“Are you going straight to sleep, or would you like one of these magazines?” he asked.

She accepted one of the journals somewhat crossly and rustled the pages noisily to show him how little she cared whether he told her or not. Soon, however, she realized that he was genuinely deep in his own magazine and she found a new use for hers by using it as cover so that she could study him without appearing rude.

His hair was so dark a brown that it was nearly black and his eyes were navy blue, set deep
in
his head beneath heavy brows. It was not an everyday face. The slightly cynical twist to his lips gave him a cruel look, but the lines round his eyes were kindly ones. His age might have been anywhere
in
the thirties, though Jonquil set him at first over thirty-five. And he had an aura of success about him that made her think he had done well
in
whatever calling he had chosen.

He stirred in his seat and glanced up towards the doorway leading into the cockpit. Jonquil followed his glance and noticed that the sign h
a
d come on warning them that they were on the point of taking off:

PLEASE FASTEN YOUR SAFETY BELTS.

NO SMOKING.

Her own belt was too loose and it took her a moment to tighten it so that it would be of some
use to her.


Can you manage?” Mr. Tate asked her.

“Yes, thank you,” she said, giving it a last pull
into position.

This was it! she told herself. They were actually starting the long journey to Manila! Anxiously, she peered out of the window, determined to miss nothing of this great moment.

Beneath her she could see the beginning of the
long line of lights that guided the pilot along the runway. And then they began to move and the individual lights became a blur of colour and then finally fell away behind them as they reached out for the sky. Only an occasional light told her that they were still above the land and she waited for the black nothingness that would be the sea.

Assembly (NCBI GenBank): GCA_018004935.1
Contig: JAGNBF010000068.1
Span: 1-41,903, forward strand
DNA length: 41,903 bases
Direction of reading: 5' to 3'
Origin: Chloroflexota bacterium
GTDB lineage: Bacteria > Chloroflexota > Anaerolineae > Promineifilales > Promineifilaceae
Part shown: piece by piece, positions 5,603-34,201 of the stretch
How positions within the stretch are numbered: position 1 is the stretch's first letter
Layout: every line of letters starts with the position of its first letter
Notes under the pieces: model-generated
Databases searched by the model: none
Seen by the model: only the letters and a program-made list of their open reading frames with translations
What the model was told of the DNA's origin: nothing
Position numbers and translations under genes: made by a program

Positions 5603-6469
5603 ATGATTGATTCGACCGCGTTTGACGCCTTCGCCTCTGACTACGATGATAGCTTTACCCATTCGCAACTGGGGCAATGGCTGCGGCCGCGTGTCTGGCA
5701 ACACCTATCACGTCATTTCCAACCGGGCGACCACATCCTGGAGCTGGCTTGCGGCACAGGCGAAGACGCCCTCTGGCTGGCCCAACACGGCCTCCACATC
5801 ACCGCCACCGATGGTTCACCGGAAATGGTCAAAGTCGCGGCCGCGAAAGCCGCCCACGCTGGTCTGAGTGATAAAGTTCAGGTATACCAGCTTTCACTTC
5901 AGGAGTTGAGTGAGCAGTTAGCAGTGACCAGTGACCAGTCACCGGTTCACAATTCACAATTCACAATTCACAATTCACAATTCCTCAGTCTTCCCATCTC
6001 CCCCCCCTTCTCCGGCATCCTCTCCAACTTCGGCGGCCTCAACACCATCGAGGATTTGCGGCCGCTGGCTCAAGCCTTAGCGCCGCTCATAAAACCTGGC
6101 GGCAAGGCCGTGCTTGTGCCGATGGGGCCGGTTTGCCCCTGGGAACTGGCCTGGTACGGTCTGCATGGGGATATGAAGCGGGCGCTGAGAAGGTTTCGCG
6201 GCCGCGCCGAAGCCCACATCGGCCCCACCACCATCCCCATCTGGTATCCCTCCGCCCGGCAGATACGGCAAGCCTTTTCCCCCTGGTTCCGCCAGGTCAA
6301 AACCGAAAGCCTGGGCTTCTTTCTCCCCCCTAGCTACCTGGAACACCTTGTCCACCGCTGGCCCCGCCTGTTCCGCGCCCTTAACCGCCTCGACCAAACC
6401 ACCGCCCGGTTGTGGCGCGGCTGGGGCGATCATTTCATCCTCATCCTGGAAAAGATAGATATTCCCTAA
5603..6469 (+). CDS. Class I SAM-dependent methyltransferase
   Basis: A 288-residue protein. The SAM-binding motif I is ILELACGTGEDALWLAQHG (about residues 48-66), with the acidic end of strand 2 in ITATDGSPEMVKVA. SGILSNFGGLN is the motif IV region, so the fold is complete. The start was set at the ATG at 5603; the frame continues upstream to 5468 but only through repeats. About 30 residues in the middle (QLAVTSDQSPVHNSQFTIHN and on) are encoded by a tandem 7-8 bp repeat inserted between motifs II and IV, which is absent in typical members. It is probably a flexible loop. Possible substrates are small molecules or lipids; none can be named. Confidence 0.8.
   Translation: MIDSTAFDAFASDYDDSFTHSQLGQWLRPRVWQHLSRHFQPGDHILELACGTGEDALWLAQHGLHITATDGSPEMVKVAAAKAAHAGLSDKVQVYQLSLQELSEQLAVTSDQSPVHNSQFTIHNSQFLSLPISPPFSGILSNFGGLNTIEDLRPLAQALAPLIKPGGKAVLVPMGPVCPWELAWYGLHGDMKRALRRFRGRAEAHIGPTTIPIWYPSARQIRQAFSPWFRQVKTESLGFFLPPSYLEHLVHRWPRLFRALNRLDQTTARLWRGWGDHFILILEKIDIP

It was only when they were several miles beyond the shore, high over the Pacific Ocean, that she relaxed back into her seat with a sigh of satisfaction.

“Happy?” Mr. Tate asked.

She nodded enthusiastically.

“It’s wonderful!” she exclaimed. “I adore flying, but I’ve never been on anything like this before. It’s
—”
she broke off at a loss for words to
describe her feelings.

His eyes twinkled as he leant hack and regarded her.

“You’re very easily pleased,” he commented dryly.

With some difficulty she swallowed down her anger. Why should he treat her as though she were a child?

“I suppose if you’ve done it often it does lose some of its novelty,” she said in a more sophisticated voice. “Though I must say I can’t imagine
anyone
ever getting bored with the actual moment of take-off.”

He looked a little surprised at that, as though he was not accustomed to people criticizing
him,
even if only by inference, but he smiled and admitted that even he had found
that
moment exciting.

“Though I imagine I looked considerably more
blasé
than you were able to,” he added, and she had the strong suspicion that he was teasing her in his own peculiar manner. She was surprised to discover that she did not mind in the least and a glint of mischief came into her eyes.

“But then perhaps you’re not so easily pleased,” ' she suggested, and was glad when he laughed out
loud.

But after that their conversation became more and more sporadic and Jonquil became aware how terribly sleepy she was. The stewardess was beginning to make her rounds of the passengers to settle them down for the night, and she was glad when her turn came and her seat was tilted backwards for her and she was given a warm cellular blanket to wrap herself up in.

Some of the passengers made their way to the hack of the plane and changed into neglige
e
s or something more comfortable to sleep in, but Jonquil remained where she was, happily aware that the cotton frock she was wearing would come to no harm and that she had two equally attractive ones in her zip bag that she could change into later
.

Mr. Tate exchanged his coat for a kimono that he wrapped around his body with competent ease. He looked very handsome indeed in it, the beautiful maroon-coloured silk acting as a foil to his dark eyes and hair.

“Most sensible costume ever invented,” he told her when he saw her eyes on it. “More comfortable than any dressing-gown I’ve ever been able to find.”

She looked at it more carefully, her interest caught.

“I must get one,” she yawned, “when we get to Japan. In yellow, I think.”

He looked amused.